Curious Nature: You autumn know what is happening to our leaves |

Curious Nature: You autumn know what is happening to our leaves

Tayler Branson
Curious Nature
A Colorado hillside covered with bright yellow aspen trees receives a splash of sunlight during an autumn storm near Crested Butte.
Courtesy photo

A kaleidoscope of colors are about to be unlocked as we transition into autumn; ocean-blue Oregon grape at our feet, bright red thimbleberries ripe for the picking, and hillsides of golden aspens await.

Where would you guess we are in our fall color spectrum? Colorado State University predicts that we are either “partially” or “very near” full peak for our fall colors. This means it is the perfect time for us to brush up on our fall color science to really understand what is really going on in those golden hillsides.

First, a quick revisit on some basic biology. Chlorophyll is the chemical that gives plants the ability to photosynthesize and their green-colored leaves. Chlorophyll degrades in sunlight and so plants must use energy to replenish it in order to continue making food.

As we creep toward the winter solstice, our days get shorter and it no longer becomes efficient for all plants to continue making chlorophyll.  Eventually, the shift in day length will begin to shut off chlorophyll production in some plants and the other colors hidden behind the green chlorophyll begin to emerge.

Carotenoids are a group of chemicals pigmented yellow and orange. These chemicals persist within the leaf all spring and summer. Their purpose is to aid in capturing light energy to help the process of photosynthesis but are not visible until chlorophyll fades.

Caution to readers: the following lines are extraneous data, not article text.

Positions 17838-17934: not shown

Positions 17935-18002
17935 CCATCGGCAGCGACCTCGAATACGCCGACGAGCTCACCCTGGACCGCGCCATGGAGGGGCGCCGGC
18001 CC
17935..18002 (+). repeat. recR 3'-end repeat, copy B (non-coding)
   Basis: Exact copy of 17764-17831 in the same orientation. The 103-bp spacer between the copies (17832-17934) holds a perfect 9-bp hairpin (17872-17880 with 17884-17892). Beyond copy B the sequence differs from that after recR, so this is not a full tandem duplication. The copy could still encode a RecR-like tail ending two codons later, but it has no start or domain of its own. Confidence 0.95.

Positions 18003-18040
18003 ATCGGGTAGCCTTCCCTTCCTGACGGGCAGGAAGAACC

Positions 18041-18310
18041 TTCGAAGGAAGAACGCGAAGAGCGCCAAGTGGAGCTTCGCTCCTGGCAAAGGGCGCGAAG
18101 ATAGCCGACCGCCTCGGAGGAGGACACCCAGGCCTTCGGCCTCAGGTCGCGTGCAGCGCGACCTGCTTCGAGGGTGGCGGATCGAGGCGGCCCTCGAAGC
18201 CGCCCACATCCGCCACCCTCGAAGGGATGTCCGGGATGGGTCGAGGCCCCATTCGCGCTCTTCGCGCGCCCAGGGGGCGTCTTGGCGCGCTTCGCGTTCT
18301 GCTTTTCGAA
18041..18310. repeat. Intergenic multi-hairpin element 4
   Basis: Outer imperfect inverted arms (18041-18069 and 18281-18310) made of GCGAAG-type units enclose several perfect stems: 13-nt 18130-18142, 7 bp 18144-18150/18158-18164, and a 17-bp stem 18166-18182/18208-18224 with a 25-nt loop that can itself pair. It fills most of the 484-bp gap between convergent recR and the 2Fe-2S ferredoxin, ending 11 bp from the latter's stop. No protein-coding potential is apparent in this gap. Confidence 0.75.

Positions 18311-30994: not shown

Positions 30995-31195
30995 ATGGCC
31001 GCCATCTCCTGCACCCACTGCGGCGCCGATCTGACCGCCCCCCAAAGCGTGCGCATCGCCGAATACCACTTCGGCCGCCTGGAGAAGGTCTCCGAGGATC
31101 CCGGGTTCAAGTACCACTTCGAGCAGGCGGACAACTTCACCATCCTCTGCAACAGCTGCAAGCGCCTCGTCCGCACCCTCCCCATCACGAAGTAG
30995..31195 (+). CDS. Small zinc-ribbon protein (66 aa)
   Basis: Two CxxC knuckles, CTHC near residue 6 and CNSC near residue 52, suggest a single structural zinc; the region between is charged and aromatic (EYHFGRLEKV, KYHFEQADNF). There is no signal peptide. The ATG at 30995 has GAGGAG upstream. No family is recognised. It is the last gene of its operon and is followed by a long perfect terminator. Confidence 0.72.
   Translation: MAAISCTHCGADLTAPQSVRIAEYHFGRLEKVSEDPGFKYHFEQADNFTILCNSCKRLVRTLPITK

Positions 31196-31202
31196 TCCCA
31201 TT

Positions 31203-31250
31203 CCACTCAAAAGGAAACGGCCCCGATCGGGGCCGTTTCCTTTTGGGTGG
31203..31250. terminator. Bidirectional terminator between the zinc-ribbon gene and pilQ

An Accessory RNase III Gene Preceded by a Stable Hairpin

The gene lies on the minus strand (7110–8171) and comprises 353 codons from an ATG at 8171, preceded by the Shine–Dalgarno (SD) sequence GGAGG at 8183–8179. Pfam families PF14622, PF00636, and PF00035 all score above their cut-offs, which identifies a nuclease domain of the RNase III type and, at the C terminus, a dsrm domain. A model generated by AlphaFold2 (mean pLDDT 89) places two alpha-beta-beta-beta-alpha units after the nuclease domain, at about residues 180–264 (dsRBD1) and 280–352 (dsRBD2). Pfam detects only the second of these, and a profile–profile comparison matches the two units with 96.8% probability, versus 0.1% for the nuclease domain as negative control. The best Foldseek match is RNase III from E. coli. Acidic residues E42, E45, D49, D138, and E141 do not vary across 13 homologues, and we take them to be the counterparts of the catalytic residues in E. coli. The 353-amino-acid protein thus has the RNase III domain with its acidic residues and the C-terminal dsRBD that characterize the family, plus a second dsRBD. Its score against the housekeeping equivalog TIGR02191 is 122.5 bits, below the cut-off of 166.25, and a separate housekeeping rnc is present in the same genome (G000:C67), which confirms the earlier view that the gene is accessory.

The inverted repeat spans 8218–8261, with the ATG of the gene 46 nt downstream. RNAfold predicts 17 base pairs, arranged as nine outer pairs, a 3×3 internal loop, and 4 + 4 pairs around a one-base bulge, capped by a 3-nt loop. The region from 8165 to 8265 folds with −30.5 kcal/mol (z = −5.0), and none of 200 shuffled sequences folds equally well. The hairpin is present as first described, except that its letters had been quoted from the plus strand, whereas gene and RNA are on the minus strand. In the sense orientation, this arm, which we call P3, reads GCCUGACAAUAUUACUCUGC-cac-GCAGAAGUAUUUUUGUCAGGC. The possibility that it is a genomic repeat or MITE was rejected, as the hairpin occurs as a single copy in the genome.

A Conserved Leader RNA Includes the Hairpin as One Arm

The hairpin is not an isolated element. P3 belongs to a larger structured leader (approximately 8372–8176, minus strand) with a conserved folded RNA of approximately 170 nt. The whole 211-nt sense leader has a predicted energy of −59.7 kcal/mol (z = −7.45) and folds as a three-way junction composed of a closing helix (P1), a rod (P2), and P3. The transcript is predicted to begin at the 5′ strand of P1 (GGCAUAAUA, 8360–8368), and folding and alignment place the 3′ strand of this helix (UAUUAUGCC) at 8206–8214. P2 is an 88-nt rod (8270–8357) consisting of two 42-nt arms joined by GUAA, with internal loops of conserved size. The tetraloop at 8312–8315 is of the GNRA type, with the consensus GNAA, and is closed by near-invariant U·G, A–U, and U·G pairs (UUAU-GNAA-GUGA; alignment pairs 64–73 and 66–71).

This group of chemicals is responsible for what we are seeing with most fall colors here in the mountains — in particular, they are key to those golden stands of aspen trees. Red and purple colors in leaves are caused by anthocyanins. These chemicals are also responsible for the red color in fruits such as thimbleberries. Anthocyanins require active production under specific environmental conditions. The purpose of anthocyanin production is not well understood yet, but it is caused by carbohydrates getting trapped in the leaves.

Different chemicals are responsible for leaves changing color.

Not only chemicals control fall color. A variety of environmental factors including elevation, temperature, precipitation and other local weather conditions can impact how we experience fall foliage.

Elevation determines when we see fall color change as it is linked to temperature. For every 1,000 feet in elevation gained, the temperature can decrease up to 5 degrees Fahrenheit. Meaning Vail, sitting at roughly 8,000 feet, is often the crescendo in the valley for fall foliage first, with color cascading down to Avon, Eagle, and then Gypsum later.

This is good news for us, as we can experience fall foliage for much longer with our topographical diversity. Sunshine and non-freezing temperatures are key to a long and luscious fall show. The best colors are seen when we have days of warm sunshine and nights that are cool, but not freezing. An early frost or heavy wind can strip the leaves from the trees before they have reached their peak color.

Another environmental factor to consider is precipitation. One heavy rain storm can mean thousands of leaves drop early. By contrast, the soil requires moisture for months leading up to fall, so we need rain all spring and summer. Drought conditions can mean a shortage of fall colors because the leaves do not have the resources they need, causing the leaves to go brown sooner.

With all this knowledge on fall color science, it leaves us with the persistent question of whether will we have a good show this year. The answer is we really do not know. There is still so much research to be done on trees and environmental conditions that we have no way of 100% accurately predicting what will happen. We do know that the beauty of nature is evolving constantly and we can enjoy what we have right now, each and every day.

Tayler Branson

Tayler Branson is the lead naturalist at Walking Mountains Science Center in Avon and every fall she finds the show to be unbe-leaf-able!

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